Those of us who aren’t 100% occupied with writing books or blog posts may want something suitable to read by the fireplace between visits by trick-or-treaters. I recently found myself thinking about stories of ghosts and the unexplained, and decided to come up with a list for the blog.
I read most of these stories years ago but had no trouble remembering them. Looking in the anthologies in which they live, I see many other stories that have left no trace in my memory. Maybe that speaks ill of said memory, but I prefer to think the stories I remember are more readworthy than the others.
Two come from a book rescued from a dumpster, its spine ripped off. It’s called 50 Years of Ghost Stories, and was published by Hutchinson of London in 1935 (1959 printing). “The Rosewood Door” by Oliver Onions (1873-1961) is played out in the civilized setting of an English country house. A curious door salvaged from a house being demolished seems like just the thing, but it comes with a disturbing history that meshes tragically with the lighthearted atmosphere of an early 20th century gathering of upper-class Londoners. Oliver Onions is also the author of “The Beckoning Fair One,” a story of quietly growing horror and ruin.
Another story from the battered book is “The Library Window” by Mrs. Oliphant (1828-1897). This is a poignant tale of a girl’s first love, that happens on a visit to an elderly aunt in a quiet Scottish town. The story is full of atmosphere and emotion, with beguiling descriptions of long summer evenings in which almost nothing happens. Except there is a window in the College Library across the street, and a room behind it, and a young man… Or maybe not. This is one of those stories that lingers in memory long after it’s read.
Now to a fat anthology called Black Water, edited by the Canadian man of letters, Alberto Manguel. It’s packed with a wealth of “fantastic literature,” as the subtitle states, but the story I recalled from it most vividly is “How Love Came to Professor Guildea,” by Robert S. Hichens (1864-1950). A professor who has no use for affection finds it inflicted upon him in a disturbing way. The nature of the phenomenon is never precisely defined, which makes it all the more intriguing and sinister, and a parrot plays a unique role in the revelation.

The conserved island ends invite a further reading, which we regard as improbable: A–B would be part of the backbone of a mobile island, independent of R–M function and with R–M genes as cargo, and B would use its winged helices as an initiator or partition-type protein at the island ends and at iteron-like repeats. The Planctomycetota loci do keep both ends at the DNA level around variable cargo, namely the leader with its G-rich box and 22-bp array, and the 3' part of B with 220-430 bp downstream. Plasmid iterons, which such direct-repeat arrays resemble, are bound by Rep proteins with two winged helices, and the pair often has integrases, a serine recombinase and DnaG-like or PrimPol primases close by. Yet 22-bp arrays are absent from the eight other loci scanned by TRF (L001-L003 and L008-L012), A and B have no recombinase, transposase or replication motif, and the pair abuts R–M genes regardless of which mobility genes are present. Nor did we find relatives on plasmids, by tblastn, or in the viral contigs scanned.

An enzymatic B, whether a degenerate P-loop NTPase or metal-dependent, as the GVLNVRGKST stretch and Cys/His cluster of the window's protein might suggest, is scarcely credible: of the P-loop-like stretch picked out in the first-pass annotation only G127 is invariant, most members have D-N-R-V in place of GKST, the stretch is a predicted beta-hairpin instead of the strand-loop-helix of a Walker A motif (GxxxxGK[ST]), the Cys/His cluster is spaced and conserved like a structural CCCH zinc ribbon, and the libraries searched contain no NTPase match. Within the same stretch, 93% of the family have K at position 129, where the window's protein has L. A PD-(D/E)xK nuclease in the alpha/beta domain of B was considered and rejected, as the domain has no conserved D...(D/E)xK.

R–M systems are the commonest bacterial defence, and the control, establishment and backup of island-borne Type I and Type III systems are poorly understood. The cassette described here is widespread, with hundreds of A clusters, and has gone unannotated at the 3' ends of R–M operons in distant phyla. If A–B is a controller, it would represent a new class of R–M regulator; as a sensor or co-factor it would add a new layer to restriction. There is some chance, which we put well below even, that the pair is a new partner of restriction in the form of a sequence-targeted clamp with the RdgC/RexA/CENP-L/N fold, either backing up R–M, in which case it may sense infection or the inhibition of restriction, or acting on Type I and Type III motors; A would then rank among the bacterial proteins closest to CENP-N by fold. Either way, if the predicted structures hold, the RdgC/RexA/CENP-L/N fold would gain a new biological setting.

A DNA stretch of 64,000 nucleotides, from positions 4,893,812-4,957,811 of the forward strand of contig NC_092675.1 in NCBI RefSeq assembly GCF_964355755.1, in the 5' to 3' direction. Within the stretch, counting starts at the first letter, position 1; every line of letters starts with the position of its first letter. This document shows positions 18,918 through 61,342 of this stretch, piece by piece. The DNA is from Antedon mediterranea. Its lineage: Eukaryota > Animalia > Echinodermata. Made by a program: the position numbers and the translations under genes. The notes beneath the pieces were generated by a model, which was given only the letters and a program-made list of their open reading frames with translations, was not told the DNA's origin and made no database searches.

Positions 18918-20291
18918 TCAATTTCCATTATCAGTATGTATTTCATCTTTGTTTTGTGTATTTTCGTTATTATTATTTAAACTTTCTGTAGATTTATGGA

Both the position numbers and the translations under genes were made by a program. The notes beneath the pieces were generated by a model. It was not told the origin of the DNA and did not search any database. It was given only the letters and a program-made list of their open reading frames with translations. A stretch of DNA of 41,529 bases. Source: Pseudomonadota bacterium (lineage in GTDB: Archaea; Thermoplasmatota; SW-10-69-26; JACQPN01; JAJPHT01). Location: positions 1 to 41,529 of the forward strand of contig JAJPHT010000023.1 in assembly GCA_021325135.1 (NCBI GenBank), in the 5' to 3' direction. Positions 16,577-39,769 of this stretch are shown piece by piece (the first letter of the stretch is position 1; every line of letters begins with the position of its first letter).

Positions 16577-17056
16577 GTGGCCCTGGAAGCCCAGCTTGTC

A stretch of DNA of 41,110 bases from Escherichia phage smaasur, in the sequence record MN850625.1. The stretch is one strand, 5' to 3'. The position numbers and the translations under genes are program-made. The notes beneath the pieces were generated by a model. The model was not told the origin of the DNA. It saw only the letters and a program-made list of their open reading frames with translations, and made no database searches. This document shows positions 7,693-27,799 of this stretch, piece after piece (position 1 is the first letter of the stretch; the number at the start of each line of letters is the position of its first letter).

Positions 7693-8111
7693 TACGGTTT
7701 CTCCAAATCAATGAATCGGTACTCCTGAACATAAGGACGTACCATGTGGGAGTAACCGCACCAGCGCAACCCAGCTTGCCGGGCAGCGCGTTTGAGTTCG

No selection of scary stories is complete without at least one mention of Stephen King. He is a master at creating real, memorable characters who are far more than vehicles for a plot. He then visits these people with sorrow and horror. A prime example of this is his novel Pet Sematary, but a story with the same flavour is “Sometimes They Come Back,” from a 1979 collection called Night Shift. A high school English teacher turns to black magic after a devastating loss that echoes a similar loss in his childhood. King’s experience as a teacher comes through strongly in this story. In the same collection is another well-crafted tale called “Strawberry Spring.” It vividly conveys the atmosphere of a New England college town where a serial killer is at work, complete with a slap-in-the-face surprise ending.
There are many collections of supposedly true ghost stories around, many with a geographical focus. Such is a slim volume called Ghost Stories of Saskatchewan by Jo-Anne Christensen. Having lived in that Canadian province for twelve years, I bought the book out of nostalgia. One story is incredibly creepy. “Mystery at the Moose Head” tells of multiple strange incidents in the early 1990s at the Moose Head Inn, a popular dine-and-dance spot on Kenosee Lake. The number and frequency, and the fact that many people experienced these things (noises, electrical malfunctions, locks and doors acting up) attracted attention from newspapers and television stations. The owner and his girlfriend lived in an apartment upstairs. After an especially disturbing manifestation, the girlfriend moved out. The owner stayed on, however…
Finally, I must recommend my all-time favourite fear-inducing story: “The Willows” by Algernon Blackwood (1869-1951). I wrote a blog post about this tale a while ago, with a plot summary and my thoughts on why it works so well.
A final thought — the word “haunted” is more effective in inducing fear than the word “ghost,” maybe because “ghost” sounds concrete, while “haunted” provokes the question, “By what?”